3.) Winning Project: The ‘SolaChip’
The winning project, the ‘SolaChip’, used an engineering concept that was not quite as simple or straightforward as the ‘Basketball Bin’.
In fact, this winning team pushed the boundaries with their ambitious innovation. They devised a USB size device, fitted with solar receptors, to click into your phone to charge wirelessly. Unlike the first two examples of innovative projects, this idea is not yet available on the market.
However, the future is bright regarding solar power engineering and this device may just be the next big thing!
Solar energy research is experiencing significant investment globally(10). It offers an alternative energy source that would help mitigate our reliance on fossil fuels and imported energy.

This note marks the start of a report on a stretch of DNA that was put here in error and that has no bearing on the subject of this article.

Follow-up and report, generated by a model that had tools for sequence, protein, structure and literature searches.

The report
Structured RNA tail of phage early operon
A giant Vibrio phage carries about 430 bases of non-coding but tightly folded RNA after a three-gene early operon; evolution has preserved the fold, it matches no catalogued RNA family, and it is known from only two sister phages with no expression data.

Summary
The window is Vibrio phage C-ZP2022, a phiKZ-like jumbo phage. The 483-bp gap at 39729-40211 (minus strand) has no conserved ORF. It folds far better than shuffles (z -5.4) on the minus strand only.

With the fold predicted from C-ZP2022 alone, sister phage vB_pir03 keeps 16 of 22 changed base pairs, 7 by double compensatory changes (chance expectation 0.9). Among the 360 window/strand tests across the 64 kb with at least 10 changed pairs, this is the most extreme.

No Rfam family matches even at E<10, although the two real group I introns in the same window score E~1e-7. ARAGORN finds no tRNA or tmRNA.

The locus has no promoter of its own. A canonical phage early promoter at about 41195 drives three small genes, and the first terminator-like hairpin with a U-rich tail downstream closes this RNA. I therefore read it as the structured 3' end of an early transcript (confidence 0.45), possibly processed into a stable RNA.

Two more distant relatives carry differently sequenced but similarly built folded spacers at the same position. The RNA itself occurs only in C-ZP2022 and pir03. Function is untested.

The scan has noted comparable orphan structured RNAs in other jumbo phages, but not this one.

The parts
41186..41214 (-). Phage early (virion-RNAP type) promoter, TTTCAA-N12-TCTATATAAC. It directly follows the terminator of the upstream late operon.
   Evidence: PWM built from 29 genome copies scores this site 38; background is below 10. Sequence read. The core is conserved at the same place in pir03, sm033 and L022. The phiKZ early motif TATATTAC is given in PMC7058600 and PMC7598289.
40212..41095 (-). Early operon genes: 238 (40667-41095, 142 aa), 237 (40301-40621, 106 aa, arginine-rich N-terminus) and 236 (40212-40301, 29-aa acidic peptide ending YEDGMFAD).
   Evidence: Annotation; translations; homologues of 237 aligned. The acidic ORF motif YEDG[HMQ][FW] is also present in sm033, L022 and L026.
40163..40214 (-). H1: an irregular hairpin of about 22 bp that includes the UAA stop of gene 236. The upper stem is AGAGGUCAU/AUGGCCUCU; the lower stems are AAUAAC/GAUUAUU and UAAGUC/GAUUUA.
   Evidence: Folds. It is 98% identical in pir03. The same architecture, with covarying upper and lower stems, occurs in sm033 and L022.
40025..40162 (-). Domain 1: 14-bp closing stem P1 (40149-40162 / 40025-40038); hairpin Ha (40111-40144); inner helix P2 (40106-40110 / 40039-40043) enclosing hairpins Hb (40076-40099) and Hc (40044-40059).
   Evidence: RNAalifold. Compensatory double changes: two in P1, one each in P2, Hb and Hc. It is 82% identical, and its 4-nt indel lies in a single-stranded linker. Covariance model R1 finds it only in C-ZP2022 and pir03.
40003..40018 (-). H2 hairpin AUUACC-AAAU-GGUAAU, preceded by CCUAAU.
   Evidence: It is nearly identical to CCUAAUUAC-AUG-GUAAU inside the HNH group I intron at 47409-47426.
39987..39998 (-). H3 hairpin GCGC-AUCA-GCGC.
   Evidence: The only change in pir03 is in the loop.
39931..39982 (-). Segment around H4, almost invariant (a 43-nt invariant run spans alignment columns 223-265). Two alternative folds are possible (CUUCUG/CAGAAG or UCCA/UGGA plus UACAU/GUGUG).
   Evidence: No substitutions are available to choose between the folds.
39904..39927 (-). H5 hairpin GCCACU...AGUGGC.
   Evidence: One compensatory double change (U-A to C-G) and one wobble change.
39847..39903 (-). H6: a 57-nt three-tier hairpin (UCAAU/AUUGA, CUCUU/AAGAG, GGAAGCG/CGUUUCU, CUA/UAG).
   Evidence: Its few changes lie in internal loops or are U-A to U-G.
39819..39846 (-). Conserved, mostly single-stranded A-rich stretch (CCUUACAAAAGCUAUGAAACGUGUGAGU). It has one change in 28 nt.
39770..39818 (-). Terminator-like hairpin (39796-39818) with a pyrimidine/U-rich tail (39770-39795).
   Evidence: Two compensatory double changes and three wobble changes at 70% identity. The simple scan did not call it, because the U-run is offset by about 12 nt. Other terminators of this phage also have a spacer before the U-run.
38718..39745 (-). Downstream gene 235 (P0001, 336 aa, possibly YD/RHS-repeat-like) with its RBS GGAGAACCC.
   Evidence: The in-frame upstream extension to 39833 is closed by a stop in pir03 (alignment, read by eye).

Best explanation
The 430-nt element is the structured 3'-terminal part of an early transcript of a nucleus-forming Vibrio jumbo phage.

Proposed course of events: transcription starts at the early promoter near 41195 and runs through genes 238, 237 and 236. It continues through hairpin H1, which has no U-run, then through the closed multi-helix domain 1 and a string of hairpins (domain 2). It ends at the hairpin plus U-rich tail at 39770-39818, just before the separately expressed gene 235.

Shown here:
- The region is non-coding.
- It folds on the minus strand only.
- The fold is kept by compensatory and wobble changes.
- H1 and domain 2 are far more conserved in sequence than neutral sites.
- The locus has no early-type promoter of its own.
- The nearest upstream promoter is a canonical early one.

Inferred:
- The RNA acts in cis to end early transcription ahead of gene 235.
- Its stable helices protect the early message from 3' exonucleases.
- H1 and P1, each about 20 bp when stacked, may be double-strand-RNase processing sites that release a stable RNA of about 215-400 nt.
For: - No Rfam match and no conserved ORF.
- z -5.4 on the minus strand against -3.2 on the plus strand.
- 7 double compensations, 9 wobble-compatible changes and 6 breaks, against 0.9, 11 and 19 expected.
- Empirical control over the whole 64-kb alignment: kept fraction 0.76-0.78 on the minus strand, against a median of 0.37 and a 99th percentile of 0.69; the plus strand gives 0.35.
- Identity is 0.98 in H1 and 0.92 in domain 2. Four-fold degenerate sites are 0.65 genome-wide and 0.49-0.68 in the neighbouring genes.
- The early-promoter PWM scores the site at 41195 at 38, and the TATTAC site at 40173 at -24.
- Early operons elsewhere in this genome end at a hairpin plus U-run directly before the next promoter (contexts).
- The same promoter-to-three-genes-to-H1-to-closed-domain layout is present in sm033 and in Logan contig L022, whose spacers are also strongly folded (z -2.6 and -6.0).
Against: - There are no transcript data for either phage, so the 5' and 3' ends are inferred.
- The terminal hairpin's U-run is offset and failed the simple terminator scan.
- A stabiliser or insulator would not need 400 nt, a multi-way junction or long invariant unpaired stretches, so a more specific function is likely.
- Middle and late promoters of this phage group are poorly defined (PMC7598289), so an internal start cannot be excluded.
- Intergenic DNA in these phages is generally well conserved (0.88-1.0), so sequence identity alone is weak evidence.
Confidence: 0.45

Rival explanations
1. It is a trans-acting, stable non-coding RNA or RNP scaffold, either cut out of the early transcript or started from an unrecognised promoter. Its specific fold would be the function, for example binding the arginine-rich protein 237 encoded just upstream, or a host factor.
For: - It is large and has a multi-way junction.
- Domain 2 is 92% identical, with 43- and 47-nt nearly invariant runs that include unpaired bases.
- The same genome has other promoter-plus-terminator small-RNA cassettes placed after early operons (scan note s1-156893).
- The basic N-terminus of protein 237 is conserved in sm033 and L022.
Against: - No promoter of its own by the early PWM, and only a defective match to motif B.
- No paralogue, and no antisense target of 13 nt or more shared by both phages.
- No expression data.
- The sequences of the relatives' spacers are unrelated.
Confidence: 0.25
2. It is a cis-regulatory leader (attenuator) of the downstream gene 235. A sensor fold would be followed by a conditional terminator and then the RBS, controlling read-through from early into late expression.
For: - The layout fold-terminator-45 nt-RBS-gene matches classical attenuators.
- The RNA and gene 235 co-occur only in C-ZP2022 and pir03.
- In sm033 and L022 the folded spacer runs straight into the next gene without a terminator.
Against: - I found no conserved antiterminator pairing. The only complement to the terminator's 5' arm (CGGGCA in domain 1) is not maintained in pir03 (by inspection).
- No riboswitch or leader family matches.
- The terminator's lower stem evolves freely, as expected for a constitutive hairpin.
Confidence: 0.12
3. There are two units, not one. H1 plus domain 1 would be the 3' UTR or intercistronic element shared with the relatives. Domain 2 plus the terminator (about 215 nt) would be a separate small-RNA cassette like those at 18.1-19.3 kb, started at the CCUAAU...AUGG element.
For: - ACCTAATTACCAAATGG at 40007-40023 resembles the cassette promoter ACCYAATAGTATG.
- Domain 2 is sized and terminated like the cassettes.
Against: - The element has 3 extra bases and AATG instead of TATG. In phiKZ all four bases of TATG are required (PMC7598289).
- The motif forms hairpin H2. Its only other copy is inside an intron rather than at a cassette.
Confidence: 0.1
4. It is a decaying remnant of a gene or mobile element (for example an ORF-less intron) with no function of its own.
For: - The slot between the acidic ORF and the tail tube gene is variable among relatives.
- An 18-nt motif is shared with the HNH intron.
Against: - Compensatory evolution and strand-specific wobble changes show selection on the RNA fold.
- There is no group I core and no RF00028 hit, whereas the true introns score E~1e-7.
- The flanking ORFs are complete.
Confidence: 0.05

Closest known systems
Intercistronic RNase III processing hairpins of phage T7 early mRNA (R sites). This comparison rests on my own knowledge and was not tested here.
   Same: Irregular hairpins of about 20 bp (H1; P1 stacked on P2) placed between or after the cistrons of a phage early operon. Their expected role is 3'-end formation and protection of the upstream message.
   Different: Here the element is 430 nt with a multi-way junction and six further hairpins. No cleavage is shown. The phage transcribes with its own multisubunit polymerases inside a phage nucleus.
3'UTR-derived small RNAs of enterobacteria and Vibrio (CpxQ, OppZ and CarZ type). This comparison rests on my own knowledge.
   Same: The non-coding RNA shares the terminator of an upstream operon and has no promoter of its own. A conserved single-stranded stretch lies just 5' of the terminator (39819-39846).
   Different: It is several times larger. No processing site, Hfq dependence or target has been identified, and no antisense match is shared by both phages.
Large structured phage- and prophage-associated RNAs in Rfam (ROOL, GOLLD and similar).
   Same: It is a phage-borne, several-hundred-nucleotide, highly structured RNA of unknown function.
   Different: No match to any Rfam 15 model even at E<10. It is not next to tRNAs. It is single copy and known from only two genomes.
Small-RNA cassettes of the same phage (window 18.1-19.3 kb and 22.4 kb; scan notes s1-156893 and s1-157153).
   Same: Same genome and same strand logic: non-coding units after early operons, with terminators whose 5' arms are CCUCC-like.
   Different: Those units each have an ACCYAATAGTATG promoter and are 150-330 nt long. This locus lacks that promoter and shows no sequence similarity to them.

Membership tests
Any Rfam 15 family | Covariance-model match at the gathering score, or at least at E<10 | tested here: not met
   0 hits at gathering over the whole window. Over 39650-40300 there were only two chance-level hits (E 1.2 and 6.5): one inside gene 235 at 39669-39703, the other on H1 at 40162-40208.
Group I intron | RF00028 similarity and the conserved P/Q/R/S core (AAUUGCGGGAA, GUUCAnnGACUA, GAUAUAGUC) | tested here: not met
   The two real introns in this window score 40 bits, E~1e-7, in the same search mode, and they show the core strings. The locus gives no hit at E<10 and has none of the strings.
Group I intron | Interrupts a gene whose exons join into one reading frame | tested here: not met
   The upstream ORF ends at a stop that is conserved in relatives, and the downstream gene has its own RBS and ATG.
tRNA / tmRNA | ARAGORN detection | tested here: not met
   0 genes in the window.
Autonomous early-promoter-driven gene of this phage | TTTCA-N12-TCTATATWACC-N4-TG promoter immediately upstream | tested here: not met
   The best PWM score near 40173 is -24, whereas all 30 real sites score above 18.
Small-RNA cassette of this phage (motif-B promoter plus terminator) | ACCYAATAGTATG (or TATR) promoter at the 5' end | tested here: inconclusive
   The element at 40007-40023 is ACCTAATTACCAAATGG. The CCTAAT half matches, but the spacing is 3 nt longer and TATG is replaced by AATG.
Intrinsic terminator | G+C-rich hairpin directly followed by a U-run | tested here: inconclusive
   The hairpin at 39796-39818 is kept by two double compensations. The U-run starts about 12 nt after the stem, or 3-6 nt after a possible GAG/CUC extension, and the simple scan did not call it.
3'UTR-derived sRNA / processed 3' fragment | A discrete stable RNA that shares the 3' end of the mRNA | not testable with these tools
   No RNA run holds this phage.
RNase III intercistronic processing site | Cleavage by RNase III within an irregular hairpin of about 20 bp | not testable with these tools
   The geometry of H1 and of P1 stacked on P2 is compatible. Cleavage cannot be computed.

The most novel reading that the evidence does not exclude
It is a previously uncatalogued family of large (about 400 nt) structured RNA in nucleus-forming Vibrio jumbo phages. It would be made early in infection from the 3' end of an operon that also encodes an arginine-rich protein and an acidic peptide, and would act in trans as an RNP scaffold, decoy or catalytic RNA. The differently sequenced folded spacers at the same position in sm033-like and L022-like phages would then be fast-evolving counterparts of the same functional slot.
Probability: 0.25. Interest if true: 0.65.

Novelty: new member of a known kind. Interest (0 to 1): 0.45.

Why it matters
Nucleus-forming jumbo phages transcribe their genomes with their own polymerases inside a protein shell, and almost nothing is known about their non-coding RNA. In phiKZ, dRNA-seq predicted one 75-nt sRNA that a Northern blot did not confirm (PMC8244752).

Although solar panels have been around for decades, the technology has many limitations and barriers. For one, the efficiency is low. Efficiency of the common silicon solar panel is typically about 15 per cent, even on a sunny day(11). In fact, the maximum theoretical efficiency of a silicon photovoltaic (PV) cell is less than 34 per cent(12).
Solar panels tend to need large surface area and direct sunlight to reach a satisfactory efficiency, which inhibits the ability to produce a tiny solar phone charger like the SolaChip, at this time. However, recent research in the area looks promising for the future development of this device.